Affordable, safe housing is crucial for a healthy society, quality of life, attracting new residents, social equity and growing the economy. Nova Scotia needs to build more housing and the Province is taking steps to get more homes built quickly.
“The housing crisis is real and Nova Scotians expect us to act,” said Premier Tim Houston. “We’ll do what needs to be done to make sure Nova Scotians can afford a place to call home. We will not wait.”
Creating more affordable housing will take time. In the coming weeks, the Province will introduce interim residential rent-cap legislation to protect tenants once the state of emergency ends. This will limit residential rent increases to 2 per cent per year and will be in effect until December 31, 2023, while more supply is built.
The government will spend nearly $35 million to support over 1,100 new affordable housing units across the province.
During this House session, the government will introduce legislation to create a planning task force to focus on faster planning and development approvals for large residential projects in HRM.
Employers say they’re having trouble finding enough skilled tradespeople. The Province will work to recruit and retain more apprentices, and review the training ratio for apprentices to create more opportunities for them and ease the skilled labour shortage. The government will also eliminate the provincial portion of personal income tax on the first $50,000 of annual income for construction trades workers under the age of 30.
Increasing student housing is another important way to help relieve the overall community housing shortage. The Province will build new residences at three NSCC campuses and create a province-wide student housing strategy.
The planning task force chair will be appointed by the Minister of Municipal Affairs and Housing, and membership will come from the Province and the municipality. It will focus on analyzing and approving large residential developments in the Halifax area.
The Province is identifying a list of provincially-owned properties that can be used for housing. Staff will work with community groups, municipalities and others to get projects underway on these lands as quickly as possible.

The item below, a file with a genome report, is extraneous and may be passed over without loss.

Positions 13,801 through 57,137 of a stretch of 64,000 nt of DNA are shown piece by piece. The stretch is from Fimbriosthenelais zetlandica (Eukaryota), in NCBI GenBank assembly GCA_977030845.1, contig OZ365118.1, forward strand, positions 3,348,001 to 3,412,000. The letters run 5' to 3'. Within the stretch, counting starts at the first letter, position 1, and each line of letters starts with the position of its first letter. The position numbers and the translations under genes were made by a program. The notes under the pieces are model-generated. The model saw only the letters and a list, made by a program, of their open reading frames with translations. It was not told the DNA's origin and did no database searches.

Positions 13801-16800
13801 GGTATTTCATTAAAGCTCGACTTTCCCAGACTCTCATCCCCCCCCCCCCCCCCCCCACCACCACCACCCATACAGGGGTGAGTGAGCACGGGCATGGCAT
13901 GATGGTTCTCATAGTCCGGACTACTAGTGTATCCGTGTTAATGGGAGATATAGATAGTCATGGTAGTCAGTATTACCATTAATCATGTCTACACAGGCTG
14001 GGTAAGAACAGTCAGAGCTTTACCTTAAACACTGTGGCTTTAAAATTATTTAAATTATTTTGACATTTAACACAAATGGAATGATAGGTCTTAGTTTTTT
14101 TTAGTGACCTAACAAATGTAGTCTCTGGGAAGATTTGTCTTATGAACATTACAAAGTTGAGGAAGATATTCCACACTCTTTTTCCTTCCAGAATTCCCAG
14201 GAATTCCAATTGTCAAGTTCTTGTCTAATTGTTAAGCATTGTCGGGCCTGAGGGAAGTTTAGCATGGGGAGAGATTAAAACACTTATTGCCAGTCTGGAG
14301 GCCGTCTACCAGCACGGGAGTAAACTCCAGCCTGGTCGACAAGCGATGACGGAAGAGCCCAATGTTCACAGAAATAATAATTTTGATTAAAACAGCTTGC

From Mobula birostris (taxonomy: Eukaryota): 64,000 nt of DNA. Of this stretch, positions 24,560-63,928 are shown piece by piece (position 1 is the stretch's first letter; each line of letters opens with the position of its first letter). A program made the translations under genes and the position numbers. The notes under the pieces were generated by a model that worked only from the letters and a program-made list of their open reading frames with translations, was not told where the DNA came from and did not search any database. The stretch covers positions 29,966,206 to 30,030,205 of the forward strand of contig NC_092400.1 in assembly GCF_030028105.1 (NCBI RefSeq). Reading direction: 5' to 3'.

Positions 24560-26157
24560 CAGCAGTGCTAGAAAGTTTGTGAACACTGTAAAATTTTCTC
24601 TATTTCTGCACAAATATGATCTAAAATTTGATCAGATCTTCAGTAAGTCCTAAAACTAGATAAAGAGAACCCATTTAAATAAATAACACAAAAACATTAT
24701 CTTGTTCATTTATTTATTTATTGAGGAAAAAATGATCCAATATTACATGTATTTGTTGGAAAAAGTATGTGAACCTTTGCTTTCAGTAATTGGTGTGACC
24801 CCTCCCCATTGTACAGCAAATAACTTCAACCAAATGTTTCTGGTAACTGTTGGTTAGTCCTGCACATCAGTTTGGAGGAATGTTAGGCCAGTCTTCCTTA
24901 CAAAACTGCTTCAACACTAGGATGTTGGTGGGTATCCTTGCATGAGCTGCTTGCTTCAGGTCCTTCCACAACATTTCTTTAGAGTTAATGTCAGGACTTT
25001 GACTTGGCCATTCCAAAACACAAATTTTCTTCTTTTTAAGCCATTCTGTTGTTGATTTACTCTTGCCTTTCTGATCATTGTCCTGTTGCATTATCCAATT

The Province will also create a regional transportation group, including engineers and planners from the municipality and the Province, to create a master transportation plan for HRM. This group will review roads, ferries and public transit to ensure the transportation system is set up for rapid residential growth in the coming years.
Inclusionary zoning, a planning tool that requires or encourages affordable housing in a new development, will be added to the Halifax Regional Municipality Charter and the Municipal Government Act this House session.
The Province will also meet with municipalities across the province to discuss other possible measures that will support affordable housing, such as better regulation for short-term rental units and flexibility in taxation to encourage development.
“We can’t solve the affordable housing crisis without building more places for people to live. We will work with HRM to quickly approve new developments, so more people have a safe place to live in our province’s largest city.”
– John Lohr, Minister of Municipal Affairs and Housing
“We’ve heard from many Nova Scotians who are worried they won’t be able to afford their rent when the state of emergency ends. This interim rental cap will help keep those people housed while we work on long-term solutions.”
– Colton LeBlanc, Minister of Service Nova Scotia and Internal Services
“This is great news for our students. We look forward to working with government to increase housing options near our campuses.”
– Don Bureaux, President, Nova Scotia Community College (NSCC)
— as of July 1, Nova Scotia’s population had increased from 942,970 to 992,055 over the last five years
— as of October 2020, there were 401,990 private households in Nova Scotia
— of the private households in Nova Scotia, 61,008 were private apartment units located in properties with three or more units, and 52,244 are located in HRM
— HRM’s vacancy rate is at 1.0 per cent; the average rental rate increased by 4.1 per cent in 2020
— Minister Lohr’s mandate letter includes a commitment to identify a full inventory of lands owned by the Province in the first three months, identify other areas that could be used for housing, and work to implement the recommendations of the Nova Scotia Affordable Housing Commission
A Healthy Nova Scotia: Solutions for Housing and Homelessness: https://beta.novascotia.ca/documents/solutions-housing-and-homelessness
Mandate letter of the Minister of Municipal Affairs and Housing: https://novascotia.ca/exec_council/letters-2021/ministerial-mandate-letter-2021-MAH-EMO-MR.pdf
Report and recommendations of the Nova Scotia Affordable Housing Commission: https://beta.novascotia.ca/documents/affordable-housing-report-spring-2021